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This story is No. 2 in the series "Water". You may wish to read the series introduction and the preceeding stories first.

Summary: She remembered them, the others, often in her sleep. (2nd in Water.)

Categories Author Rating Chapters Words Recs Reviews Hits Published Updated Complete
Lord of the Rings > Buffy-CenteredThethuthinnangFR72224,6854819055,0147 Dec 0722 Mar 08No

NOTE: This chapter is rated FR13

Chapter Eight

Disclaimer: Buffy the Vampire Slayer and Lord of the Rings belong to their respective creators, Joss Whedon and J.R.R. Tolkien.

Author's Warning: major AU. Absolutely non-canon.



For a long time, no matter how stifled, how strangled by walls she felt, Buttercup didn't go out again. She stayed inside, like a good girl, playing with Meriadoc, visiting the Gamgees with Mommy, studying with Daddy, and helping around the Hall. The talk of Big People in the Old Forest continued for several weeks, and then they stopped coming, as suddenly as they'd started. Everyone talked about it for a while, but Big People were queer to begin with anyway, and sooner rather than later people found something else to gossip about over their ale, and then everything was back to normal.

Saradoc looked for his knife for several days, muttering about bad memories and sticky hands. Buttercup wanted to say she was sorry for losing it, but then she would have had to say how and where and why, and she just couldn't quite seem to remember any of the hows, wheres, or whys. So she said nothing, Saradoc eventually shrugged and said he'd meant to get a new knife anyway, and nothing came of it.

But none of that helped her legs or her arms, the near-pain she felt when she had to sit still for longer than half an hour. In her sleep she ran the woods, she crawled through dark places, she picked up a big knife and—did things with it she didn't want to think about. Her body felt hot all the time, like a fever, and several times Mommy made her stay in bed because of how hot her face was, which only made things worse, and the servants whispered that Buttercup was a sickly child.

Then, one day, when Buttercup was holding Meriadoc's hand while he staggered around the garden on unsteady legs, she found, under a bench, a small sling. The sight of it made her stop, made her stare, and then, glancing to make sure no one was around, Buttercup walked over and picked up the sling, and found a few small stones.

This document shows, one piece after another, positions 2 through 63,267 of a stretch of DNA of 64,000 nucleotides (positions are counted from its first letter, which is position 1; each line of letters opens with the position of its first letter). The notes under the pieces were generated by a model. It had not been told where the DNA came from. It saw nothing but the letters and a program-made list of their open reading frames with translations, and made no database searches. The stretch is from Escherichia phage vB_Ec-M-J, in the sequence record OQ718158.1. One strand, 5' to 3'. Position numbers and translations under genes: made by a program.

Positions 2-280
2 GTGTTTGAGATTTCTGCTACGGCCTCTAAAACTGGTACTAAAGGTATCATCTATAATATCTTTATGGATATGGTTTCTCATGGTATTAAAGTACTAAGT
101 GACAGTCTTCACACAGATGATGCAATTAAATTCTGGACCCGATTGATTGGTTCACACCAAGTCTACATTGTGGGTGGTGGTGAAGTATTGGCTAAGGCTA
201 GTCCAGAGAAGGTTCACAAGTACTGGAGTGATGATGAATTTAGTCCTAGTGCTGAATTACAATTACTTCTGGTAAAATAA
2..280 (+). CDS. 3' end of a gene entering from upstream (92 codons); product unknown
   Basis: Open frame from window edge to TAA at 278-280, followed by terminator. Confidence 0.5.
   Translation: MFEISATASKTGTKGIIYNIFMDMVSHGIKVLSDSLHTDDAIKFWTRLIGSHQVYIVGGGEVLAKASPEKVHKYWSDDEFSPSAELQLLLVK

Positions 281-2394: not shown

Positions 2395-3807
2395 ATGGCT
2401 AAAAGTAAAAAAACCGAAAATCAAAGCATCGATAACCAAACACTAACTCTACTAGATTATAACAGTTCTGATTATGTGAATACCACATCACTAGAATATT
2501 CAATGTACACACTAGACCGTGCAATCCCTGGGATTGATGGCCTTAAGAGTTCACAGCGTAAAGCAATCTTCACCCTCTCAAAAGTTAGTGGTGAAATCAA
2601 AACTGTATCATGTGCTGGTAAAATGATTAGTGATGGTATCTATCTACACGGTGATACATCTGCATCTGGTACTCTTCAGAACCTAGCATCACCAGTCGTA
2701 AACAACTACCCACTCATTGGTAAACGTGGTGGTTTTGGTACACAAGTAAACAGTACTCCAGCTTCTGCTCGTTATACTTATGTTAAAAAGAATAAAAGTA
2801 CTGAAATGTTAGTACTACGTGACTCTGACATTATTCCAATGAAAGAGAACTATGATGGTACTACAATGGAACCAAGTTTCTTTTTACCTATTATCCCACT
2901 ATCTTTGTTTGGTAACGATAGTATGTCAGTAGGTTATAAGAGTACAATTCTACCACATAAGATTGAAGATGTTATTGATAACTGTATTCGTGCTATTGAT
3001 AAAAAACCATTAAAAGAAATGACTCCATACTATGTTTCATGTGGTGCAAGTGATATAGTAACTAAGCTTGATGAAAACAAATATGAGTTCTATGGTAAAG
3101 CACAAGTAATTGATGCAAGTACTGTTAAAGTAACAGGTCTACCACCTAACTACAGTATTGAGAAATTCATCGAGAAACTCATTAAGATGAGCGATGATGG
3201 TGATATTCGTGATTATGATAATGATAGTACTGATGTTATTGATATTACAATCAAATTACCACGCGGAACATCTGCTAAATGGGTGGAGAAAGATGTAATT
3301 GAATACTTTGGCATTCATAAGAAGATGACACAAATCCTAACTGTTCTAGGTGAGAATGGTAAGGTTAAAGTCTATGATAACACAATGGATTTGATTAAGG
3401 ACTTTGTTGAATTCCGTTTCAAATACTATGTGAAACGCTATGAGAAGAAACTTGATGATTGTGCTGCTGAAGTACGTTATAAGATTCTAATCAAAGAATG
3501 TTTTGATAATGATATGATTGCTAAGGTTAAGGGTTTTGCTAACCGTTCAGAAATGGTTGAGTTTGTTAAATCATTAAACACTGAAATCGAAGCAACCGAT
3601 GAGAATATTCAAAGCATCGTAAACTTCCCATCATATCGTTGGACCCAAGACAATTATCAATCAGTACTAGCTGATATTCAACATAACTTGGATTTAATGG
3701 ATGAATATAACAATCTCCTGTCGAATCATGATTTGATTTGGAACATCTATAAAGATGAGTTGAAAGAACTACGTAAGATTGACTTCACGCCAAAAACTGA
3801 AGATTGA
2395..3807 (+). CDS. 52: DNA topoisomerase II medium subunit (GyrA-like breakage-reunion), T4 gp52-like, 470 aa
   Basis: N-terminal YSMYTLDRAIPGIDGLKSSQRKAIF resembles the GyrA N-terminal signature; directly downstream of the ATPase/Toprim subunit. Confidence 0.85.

She took Meriadoc out of the garden and into one of the Hall's courtyards, where Saradoc and Merimac had set up some targets the other day to practice with their bows. She had Meriadoc sit down, made sure there was nothing bad within his reach, and then faced one of the targets.

It was as if she'd been doing it all her life. Her arm came up. The sling whirred over her head. She took aim, she swung—and a small hole burst in the center of the target, a puff of straw and dust.

Buttercup felt the blood rushing in her ears.

“Ho there!”

She turned, startled. Merimac was standing there, in one of the small doors that led back into the Hall, and his mouth was open.

“Whoa, Buttercup,” he said, a little breathless. “That's a hundred paces if it's a step! Can you do that again?”

Buttercup flushed. Merimac normally didn't have any use for her, so his attention was unusual and flattering. Turning again, she willingly fit another stone to the sling, brought up her arm, whirred, and let fly.

In the center of the target, the same hole the first stone had made huffed slightly as the second stone passed through it.

She looked back, a little shy. Merimac was staring, at her, at the target, at the sling. He muttered to himself “And with a boy's play sling!” and then went back into the house, saying nothing to her.

Buttercup felt a little disappointed. She went to Meriadoc, taking his hand and helping him to his feet, but then she heard voices at the door and looked to see Merimac coming back out, but now with Daddy and Saradoc, too.

“Watch, I'm telling you,” Merimac was saying. “I've never seen anything like it!”

He hurried over to her, took the small sling and gave her a bigger one, a man's sling that she'd seen some of the Brandy Hall men practicing with.

“Again, Buttercup,” he urged. “Can you do it again with that?”

Daddy and Saradoc were watching, looking doubtful. Meriadoc stared with wide eyes. Merimac's face was eager and expectant.

Buttercup lifted her arm and swung.
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